A Century Later, a Polarizing Debate Endures

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You cannot plant a flag on the North Pole.

It is not Antarctica. It is not a body of land, but a mathematical spot, a maze of shifting ice floes that would swiftly carry any marker away from true north. When explorers reach the Pole, they must rely on navigational instruments and witnesses to prove their location.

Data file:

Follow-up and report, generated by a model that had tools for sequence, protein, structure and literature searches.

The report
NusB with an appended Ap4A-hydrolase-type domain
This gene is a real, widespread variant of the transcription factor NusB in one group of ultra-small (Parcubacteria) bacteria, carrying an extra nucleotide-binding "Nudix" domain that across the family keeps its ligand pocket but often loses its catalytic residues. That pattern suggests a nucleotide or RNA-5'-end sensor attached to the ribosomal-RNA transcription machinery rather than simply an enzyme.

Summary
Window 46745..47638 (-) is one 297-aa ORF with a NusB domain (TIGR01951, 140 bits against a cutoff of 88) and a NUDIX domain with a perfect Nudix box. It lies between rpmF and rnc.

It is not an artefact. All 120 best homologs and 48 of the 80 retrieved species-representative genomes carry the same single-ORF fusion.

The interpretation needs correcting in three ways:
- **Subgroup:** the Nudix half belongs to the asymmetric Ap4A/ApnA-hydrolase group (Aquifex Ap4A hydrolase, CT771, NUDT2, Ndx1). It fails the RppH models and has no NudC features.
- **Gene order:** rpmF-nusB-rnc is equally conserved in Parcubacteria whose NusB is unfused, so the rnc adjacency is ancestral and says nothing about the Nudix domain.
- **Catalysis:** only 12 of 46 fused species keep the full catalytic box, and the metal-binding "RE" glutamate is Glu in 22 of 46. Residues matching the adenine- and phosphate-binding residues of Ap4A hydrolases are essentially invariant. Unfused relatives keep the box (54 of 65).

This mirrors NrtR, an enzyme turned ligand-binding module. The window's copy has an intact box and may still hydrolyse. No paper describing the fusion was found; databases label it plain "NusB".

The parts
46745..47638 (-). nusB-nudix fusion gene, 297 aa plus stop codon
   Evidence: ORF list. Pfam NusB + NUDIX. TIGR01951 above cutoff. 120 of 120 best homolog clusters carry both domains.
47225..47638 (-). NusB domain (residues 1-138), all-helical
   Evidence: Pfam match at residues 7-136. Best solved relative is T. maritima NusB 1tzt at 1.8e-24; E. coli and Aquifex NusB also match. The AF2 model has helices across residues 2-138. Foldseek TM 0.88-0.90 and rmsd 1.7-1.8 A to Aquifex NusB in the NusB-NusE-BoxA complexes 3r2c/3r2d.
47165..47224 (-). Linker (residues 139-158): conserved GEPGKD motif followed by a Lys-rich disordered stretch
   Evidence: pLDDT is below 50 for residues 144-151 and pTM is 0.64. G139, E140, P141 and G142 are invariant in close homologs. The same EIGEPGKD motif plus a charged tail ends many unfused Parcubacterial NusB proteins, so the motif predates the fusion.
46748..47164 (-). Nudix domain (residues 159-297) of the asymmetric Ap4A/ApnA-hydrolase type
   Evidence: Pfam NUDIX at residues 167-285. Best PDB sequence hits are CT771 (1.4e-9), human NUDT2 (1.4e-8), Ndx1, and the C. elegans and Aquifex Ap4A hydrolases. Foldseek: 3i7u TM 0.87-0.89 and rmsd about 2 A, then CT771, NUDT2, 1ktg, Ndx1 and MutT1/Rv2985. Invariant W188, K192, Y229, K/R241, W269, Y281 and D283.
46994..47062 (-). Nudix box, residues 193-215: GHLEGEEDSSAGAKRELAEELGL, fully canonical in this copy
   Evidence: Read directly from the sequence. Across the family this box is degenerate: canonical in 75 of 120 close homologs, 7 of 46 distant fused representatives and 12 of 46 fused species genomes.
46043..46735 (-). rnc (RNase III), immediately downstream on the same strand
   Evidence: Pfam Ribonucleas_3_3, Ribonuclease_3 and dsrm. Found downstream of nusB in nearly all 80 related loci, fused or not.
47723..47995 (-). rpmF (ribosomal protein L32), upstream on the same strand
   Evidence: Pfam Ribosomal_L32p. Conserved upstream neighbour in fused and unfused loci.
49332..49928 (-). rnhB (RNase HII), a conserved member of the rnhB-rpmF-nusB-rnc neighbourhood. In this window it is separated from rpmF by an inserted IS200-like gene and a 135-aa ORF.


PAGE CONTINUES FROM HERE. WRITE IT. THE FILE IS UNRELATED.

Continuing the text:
One hundred years ago yesterday, Robert Peary and Matthew Henson said they had become the first to reach the North Pole. Yesterday morning at Arlington National Cemetery, more than 20 of the two men's descendants gathered at Peary's and Henson's adjacent graves to honor this achievement. With them were members of the Navy, the Explorers Club and the National Geographic Society, plus an Englishman named Tom Avery -- a young explorer so taken with Peary's story that he re-created the journey himself in 2005. He recently wrote a book about this endeavor.

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